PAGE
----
Scientific Name: Pipilo maculatus
Family: New World Sparrows
Description: A widespread towhee of the West, sometimes abundant in chaparral and on brushy mountain slopes. For many years it was considered to belong to the same species as the unspotted Eastern Towhees found east of the Great Plains, under the name of Rufous-sided Towhee. The Spotted Towhee differs in the heavy white spotting on its upperparts, and its songs and callnotes are more variable and much harsher in tone. It often is first noticed because of the sound of its industrious scratching in the leaf-litter under dense thickets.
Habitat: Open woods, undergrowth, brushy edges. In the varied terrain of the West, this towhee often lives in chaparral, mountain manzanita thickets, scrub oaks, or pinyon-juniper woods with dense understory.
Feeding Behavior: Forages mostly on the ground, frequently scratching in the leaf-litter. Also sometimes forages up in shrubs and low trees.
Diet: Mostly insects, seeds, berries. Diet varies with season. Eats many insects, especially in summer, including beetles, caterpillars, moths, true bugs, and many others, also spiders, snails, and millipedes. Also eats many seeds, plus acorns, berries, and small fruits.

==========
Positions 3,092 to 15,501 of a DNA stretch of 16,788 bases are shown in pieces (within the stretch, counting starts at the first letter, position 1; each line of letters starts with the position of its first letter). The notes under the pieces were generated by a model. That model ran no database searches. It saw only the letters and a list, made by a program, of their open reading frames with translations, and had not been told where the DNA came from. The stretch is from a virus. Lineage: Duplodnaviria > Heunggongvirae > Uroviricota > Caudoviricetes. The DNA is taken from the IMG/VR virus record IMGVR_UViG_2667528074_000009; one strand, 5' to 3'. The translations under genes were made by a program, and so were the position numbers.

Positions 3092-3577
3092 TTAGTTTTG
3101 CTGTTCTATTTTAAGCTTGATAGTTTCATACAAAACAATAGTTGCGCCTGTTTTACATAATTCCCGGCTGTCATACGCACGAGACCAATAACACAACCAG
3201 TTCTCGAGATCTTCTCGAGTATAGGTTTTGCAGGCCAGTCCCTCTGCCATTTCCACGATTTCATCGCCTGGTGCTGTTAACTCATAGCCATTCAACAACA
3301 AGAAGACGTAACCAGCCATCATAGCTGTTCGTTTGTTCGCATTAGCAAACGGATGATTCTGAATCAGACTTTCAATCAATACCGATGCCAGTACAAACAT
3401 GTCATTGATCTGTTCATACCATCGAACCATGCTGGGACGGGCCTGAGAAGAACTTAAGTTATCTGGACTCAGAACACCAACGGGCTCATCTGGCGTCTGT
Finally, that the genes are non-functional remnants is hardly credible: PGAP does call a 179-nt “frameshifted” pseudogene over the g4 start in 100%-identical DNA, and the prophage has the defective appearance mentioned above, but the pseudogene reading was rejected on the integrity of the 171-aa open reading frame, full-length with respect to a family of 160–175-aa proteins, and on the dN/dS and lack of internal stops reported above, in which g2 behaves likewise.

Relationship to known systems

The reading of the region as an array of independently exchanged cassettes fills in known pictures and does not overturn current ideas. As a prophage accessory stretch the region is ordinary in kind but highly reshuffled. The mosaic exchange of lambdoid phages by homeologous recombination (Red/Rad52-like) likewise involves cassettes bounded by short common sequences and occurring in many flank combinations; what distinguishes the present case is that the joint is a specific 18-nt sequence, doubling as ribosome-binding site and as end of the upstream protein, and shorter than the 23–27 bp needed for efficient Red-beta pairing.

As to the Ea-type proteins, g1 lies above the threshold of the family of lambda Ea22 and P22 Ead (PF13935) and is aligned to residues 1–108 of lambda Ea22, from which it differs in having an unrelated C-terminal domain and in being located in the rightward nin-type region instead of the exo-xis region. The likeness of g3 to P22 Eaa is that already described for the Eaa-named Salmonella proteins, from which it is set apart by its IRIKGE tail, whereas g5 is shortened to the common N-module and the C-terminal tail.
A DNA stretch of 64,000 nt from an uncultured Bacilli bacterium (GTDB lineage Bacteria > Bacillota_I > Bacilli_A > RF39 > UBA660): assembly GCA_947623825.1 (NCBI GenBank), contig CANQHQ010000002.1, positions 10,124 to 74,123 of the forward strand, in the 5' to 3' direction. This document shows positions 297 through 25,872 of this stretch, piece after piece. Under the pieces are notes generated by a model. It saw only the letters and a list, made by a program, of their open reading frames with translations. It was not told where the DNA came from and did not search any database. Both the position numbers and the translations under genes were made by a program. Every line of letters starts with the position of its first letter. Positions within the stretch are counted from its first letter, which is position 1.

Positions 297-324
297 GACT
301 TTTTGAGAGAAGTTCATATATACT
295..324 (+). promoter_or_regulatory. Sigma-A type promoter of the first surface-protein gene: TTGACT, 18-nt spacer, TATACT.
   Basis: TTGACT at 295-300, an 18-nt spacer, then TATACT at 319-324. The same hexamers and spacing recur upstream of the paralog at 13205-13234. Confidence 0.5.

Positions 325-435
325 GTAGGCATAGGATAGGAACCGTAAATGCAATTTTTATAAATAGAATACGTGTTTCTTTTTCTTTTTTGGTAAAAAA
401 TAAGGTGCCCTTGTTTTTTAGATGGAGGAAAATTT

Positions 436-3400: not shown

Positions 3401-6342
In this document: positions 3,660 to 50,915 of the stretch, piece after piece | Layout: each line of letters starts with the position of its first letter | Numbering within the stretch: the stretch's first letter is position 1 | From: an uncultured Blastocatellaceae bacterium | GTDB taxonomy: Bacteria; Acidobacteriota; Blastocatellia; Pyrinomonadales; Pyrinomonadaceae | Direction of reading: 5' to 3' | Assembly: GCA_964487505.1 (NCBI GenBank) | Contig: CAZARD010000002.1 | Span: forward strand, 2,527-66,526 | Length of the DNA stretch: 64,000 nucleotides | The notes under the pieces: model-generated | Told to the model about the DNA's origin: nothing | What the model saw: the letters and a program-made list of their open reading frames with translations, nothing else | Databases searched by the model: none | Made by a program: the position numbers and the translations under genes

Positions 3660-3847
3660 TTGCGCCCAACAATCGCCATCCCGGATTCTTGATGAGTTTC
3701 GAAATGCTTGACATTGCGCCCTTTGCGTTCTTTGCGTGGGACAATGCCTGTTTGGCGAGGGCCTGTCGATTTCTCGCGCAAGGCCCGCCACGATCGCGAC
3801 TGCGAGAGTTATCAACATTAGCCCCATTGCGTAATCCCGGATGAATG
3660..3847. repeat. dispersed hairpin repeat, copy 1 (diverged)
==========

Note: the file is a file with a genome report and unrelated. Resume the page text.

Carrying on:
Eggs: 3-5, sometimes 2-6. Creamy white to very pale gray, with spots of brown and gray often concentrated at larger end. Incubation is by female, about 12-14 days. Young: Both parents feed the nestlings. Young leave the nest about 9-11 days after hatching, may remain with parents for some time thereafter. 1 or 2 broods per year, rarely 3.
Nesting: Male defends nesting territory by singing, often from a high perch. In courtship, male may chase female. Nest site is on the ground under a shrub, or in low bushes, usually less than 5' above the ground. Nest (built by female) is an open cup of grass, twigs, weeds, rootlets, strips of bark, lined with finer materials, sometimes including animal hair.
Young: Both parents feed the nestlings. Young leave the nest about 9-11 days after hatching, may remain with parents for some time thereafter. 1 or 2 broods per year, rarely 3.
Conservation Status: Very common and widespread, numbers apparently stable.
Notes: Images captured in Pedernales Falls State Park.